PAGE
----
Oil Sands Truth: Shut Down the Tar Sands

TransCanada Keystone Pipeline from Edmonton Vs. Chaplin Nature Centre, Kansas

Proposal alarms Chaplin
Oil pipeline officials may adjust their route

Traveler Staff Writer

The Chaplin Nature Center west of Arkansas City may be harmed by an oil pipeline from Canada that would run through its property, a nature center manager said today.

Shawn Silliman, the center's naturalist, said a flag planted on the south side of the 230-acre Chaplin center property indicates that the pipeline would run through the property.

But a land agent for the pipeline project today indicated the pipeline may be re-routed to avoid the property.

The TransCanada Keystone pipeline will extend from Alberta, Canada, east to Manitoba and then south through the Dakotas, Kansas and into Oklahoma. The project includes about 1,070 miles of new pipeline to be constructed in the U.S.

A project spokesman said the pipeline's exact route has not been determined. Chaplin Nature Center people were reacting to a preliminary "desktop" route, he said.

"There's a saying in the oil pipeline business, 'The route is not final until the pipeline is laid,'" said Jim Prescott, spokesman for the project.

The construction schedule for the project will be done in phases and will take a total of three years, Prescott said. The part in Kansas and in Cowley County is scheduled to be done in 2010.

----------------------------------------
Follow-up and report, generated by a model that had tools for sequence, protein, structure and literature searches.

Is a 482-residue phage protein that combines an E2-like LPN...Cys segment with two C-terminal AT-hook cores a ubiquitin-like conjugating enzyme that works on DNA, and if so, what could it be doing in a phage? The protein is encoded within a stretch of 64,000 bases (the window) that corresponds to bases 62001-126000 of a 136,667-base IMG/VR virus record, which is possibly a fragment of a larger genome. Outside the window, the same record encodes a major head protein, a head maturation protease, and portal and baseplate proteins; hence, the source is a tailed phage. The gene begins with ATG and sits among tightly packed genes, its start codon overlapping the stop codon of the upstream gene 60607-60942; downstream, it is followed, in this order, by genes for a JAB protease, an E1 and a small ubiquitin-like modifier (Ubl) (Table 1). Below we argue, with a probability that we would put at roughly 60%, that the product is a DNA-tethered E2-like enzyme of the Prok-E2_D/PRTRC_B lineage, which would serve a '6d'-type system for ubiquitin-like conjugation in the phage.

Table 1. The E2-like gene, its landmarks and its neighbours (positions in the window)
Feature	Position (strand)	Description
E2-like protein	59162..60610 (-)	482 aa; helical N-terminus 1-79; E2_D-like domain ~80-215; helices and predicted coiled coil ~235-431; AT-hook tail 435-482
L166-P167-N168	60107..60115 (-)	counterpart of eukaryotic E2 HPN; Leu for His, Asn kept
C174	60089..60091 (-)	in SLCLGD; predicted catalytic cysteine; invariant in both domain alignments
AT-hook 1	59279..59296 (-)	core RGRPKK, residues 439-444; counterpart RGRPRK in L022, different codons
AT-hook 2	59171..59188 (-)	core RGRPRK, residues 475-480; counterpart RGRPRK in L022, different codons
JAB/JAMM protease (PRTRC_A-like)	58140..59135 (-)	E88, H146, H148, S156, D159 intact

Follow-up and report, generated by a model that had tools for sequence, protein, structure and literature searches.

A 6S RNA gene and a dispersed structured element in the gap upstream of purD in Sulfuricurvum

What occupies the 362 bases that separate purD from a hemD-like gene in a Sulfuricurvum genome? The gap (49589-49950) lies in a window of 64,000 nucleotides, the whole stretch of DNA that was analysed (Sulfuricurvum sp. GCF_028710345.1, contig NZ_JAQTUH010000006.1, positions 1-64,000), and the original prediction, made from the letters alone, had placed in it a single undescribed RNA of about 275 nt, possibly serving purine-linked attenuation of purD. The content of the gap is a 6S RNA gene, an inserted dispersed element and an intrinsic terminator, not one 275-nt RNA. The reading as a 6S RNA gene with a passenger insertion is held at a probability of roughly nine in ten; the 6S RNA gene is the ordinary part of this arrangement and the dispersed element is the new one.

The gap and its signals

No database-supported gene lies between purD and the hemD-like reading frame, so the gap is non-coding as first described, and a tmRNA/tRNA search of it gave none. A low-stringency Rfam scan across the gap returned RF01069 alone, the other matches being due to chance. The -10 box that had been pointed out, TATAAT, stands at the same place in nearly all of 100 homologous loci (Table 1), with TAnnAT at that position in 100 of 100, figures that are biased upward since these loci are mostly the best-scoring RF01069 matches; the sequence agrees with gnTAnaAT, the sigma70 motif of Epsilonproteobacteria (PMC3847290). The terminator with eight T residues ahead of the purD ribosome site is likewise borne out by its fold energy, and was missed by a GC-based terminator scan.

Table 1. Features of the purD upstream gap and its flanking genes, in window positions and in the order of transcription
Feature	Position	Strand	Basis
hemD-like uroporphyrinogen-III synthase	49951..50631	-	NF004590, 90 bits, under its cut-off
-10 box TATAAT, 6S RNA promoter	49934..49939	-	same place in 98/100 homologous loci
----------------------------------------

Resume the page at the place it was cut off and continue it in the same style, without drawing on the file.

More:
Meetings with landowners and public officials will precede any finalization of the pipeline route, he said.

The pipeline is a 30-inch diameter pipe buried 4 feet below ground.

"They will clear a swath 100 feet wide of all trees and shrubs," Silliman said. "After construction is complete, a watch 50-feet wide will be kept free of all trees and brush forever for maintenance access."

Silliman said if the pipeline were to go through the nature center the result could be disastrous for wildlife there.

"Part of our purpose is preservation and the second part is education," he said. "So we certainly don't want to destroy the woods where there are nesting birds, forest birds."

A pipeline through the property would result in a loss of habitation for wildlife and would put birds at risk from predators, he said.

Silliman said his first contact with pipeline project workers was last December when two engineers showed up at the nature center. They showed him a map with aerial photos that showed that the pipeline would go through the center property.

"I called (the project land agent) and he said that the pipeline company didn't want to come through our property," Silliman said. "We're just concerned it still could be a reality."

The Chaplin Nature Center contains different types of Kansas habitats including forest, flood plain and prairie, and the Arkansas River and spring-fed creek, he said.

"It draws people that want to come and enjoy nature," he said.

The nature center is owned and run by the Wichita Audubon Society.

Oilsandstruth.org is not associated with any other web site or organization. Please contact us regarding the use of any materials on this site.

Tar Sands Photo Albums by Project

Discussion Points on a Moratorium

User login


Syndicate content